- Katie Baillie, University of Pennsylvania
- David Barczak, University of Delaware
- Michele Berger, University of Pennsylvania
- Erica Brockmeier, University of Delaware
- Meredith Cole, University of Virginia
- Heather Davis, University of Pennsylvania
- Rachel Ewing, Penn Medicine
- Jennifer Humphrey, University of Kansas
- Chelsea Julian, University of Oklahoma
- Alyssa LaFaro, University of North Carolina at Chapel Hill
- Nathi Magubane, University of Pennsylvania
- Gail McCormick, Penn State University
- Karuna Meda, Thomas Jefferson University
- Kim Mulford, Rowan University
- Mindie Paget, University of Kansas
- Noel Rubinton, Writer and Strategic Communications Consultant
- Christina Hernandez Sherwood, Freelance Writer and Editor
- Lewis Taylor, University of Oregon
- Catherine Zandonella, Princeton University
The Inn at Penn, 3600 Sansom Street
The Inn at Penn is located in the heart of campus, a short walk away from all conference locations. The room block closes on Tuesday, May 16, so don’t delay in making your reservations.
There are several ground transportation options once you arrive in the city. A taxi from the Philadelphia airport to Central Philadelphia (including Penn’s campus) is a $28.50 Flat Rate. Taxis can be found in Zone 5 of the airport near baggage claim.
SEPTA light rail service runs every 25 minutes from the airport to 30th Street Station near Penn’s campus. The cost of a ticket is $8, cash only, paid on the train. Amtrak trains also arrive at 30th Street Station.
A cab ride from 30th Street Station to the Inn at Penn is under 5 minutes and about $5. The address for the Inn at Penn is 3600 Sansom Street.
Valet parking is available at the Inn at Penn and is $45/day. Self-park lots are nearby and run between $12 and $20 a day.
Please let Lauren Summers know if you need more details.
If you have questions, please don’t hesitate to reach out to one of us:
Katie Unger Baillie: firstname.lastname@example.org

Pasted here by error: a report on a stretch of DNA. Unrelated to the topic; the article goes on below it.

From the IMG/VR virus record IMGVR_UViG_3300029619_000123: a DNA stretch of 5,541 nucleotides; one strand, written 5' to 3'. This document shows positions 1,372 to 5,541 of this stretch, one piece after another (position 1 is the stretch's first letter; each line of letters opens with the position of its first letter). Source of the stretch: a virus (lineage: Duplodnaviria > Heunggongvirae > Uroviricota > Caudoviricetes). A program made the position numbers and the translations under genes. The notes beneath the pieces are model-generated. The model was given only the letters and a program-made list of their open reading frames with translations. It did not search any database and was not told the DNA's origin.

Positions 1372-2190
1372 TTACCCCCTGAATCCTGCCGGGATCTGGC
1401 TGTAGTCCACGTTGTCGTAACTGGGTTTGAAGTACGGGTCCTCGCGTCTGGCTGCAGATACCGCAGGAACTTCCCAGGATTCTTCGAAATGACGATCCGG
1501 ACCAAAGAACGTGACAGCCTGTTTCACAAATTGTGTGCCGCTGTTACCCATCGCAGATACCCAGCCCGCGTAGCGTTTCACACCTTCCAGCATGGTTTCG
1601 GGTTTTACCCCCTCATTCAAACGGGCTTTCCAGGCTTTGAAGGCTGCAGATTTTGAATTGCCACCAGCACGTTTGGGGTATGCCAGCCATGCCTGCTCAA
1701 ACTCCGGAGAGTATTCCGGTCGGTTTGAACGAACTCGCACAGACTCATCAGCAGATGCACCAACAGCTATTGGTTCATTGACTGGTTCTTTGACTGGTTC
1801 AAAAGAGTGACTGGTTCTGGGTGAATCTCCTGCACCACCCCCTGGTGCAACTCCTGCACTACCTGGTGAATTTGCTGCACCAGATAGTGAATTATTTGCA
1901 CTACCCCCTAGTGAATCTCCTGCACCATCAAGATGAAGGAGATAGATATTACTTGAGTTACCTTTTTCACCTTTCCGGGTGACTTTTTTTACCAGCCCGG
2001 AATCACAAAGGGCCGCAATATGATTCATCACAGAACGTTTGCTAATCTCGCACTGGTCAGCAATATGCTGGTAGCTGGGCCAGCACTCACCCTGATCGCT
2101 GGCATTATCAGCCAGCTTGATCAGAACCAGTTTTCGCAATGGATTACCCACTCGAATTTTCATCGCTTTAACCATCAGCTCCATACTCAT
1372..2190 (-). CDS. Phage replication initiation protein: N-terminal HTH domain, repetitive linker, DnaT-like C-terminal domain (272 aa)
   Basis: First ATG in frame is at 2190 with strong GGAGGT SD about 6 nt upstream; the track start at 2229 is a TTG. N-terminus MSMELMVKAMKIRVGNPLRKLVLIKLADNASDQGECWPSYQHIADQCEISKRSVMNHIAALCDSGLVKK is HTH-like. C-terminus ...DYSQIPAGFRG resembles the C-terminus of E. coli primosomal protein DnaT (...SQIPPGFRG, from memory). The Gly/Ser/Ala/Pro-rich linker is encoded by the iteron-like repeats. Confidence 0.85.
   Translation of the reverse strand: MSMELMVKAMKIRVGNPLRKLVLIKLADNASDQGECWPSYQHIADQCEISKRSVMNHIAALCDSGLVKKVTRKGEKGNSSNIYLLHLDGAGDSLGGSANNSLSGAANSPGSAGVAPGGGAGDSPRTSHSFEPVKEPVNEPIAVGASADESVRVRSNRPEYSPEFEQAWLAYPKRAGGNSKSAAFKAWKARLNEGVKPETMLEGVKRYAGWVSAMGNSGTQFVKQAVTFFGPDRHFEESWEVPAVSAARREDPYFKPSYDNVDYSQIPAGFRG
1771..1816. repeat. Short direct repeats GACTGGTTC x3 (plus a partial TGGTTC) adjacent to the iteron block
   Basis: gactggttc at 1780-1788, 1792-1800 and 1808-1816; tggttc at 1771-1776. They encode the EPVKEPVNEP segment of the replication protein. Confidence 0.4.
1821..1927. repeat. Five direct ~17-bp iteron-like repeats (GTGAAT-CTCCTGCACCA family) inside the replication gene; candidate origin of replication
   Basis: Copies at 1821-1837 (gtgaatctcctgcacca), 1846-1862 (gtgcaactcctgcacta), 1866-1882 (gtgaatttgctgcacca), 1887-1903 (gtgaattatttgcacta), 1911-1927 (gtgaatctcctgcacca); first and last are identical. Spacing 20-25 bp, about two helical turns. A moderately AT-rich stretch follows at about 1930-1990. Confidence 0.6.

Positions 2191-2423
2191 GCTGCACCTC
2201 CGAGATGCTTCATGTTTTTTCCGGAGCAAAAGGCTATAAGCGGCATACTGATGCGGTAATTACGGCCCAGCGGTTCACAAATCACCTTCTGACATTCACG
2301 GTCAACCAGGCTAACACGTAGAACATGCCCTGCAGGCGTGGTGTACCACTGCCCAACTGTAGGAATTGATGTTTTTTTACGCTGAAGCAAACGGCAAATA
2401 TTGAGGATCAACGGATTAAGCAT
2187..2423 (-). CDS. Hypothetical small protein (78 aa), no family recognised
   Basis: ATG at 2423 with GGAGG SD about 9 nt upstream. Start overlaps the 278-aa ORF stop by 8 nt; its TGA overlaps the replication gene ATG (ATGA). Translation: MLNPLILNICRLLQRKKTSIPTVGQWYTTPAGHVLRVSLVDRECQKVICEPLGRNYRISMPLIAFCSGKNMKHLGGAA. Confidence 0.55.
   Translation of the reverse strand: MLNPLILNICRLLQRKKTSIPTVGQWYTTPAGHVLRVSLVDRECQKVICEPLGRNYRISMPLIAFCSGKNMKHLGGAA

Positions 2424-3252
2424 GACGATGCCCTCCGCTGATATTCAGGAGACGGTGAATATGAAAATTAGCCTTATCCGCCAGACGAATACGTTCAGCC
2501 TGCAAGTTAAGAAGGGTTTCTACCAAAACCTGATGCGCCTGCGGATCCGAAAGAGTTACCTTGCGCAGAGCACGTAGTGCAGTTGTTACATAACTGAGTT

Michele Berger: email@example.com
Heather Davis: firstname.lastname@example.org
Lauren Summers: email@example.com
Philadelphia is a walkable city and public transportation, taxis, Ubers, and Lyfts are abundant.
Penn is located in the University City neighborhood of West Philadelphia. Just to the east of campus and on the other side of the Schuylkill River and walkable over 4 bridges is Center City.
This is a very good recent story in The New York Times featuring things to eat, drink, and do. For a more exhaustive list, including an up-to-date events calendar, check out the city’s tourism site. And this is a quirky list of eateries that are off the beaten path.
Founded in 1740 by Benjamin Franklin, the University of Pennsylvania has a long academic history coupled with an inherent ecosystem of innovation. Grounded in the liberal arts and sciences and enriched by the integrated resources of 12 schools, Penn is the same university where researchers created ENIAC in the 1940s and developed lifesaving mRNA technology for the COVID-19 vaccine in 2020. Penn offers more than 28,000 undergraduate and graduate students an education informed by inclusivity, intellectual rigor, research, and the impetus to create new knowledge that benefits individuals and communities worldwide.
With more than $1.1 billion in annual R&D expenditures, Penn is one of the nation’s top research universities, innovating in the fields of medicine, technology, business, science, and more to improve the lives of individuals and communities at home and around the globe. On the 299-acre West Philadelphia campus, Penn has more than 5,000 research faculty and 182 centers and institutes, including the Parker Institute for Cancer Immunotherapy, Price Lab for Digital Humanities, Kleinman Center for Energy Policy, and Laboratory for Research on the Structure of Matter.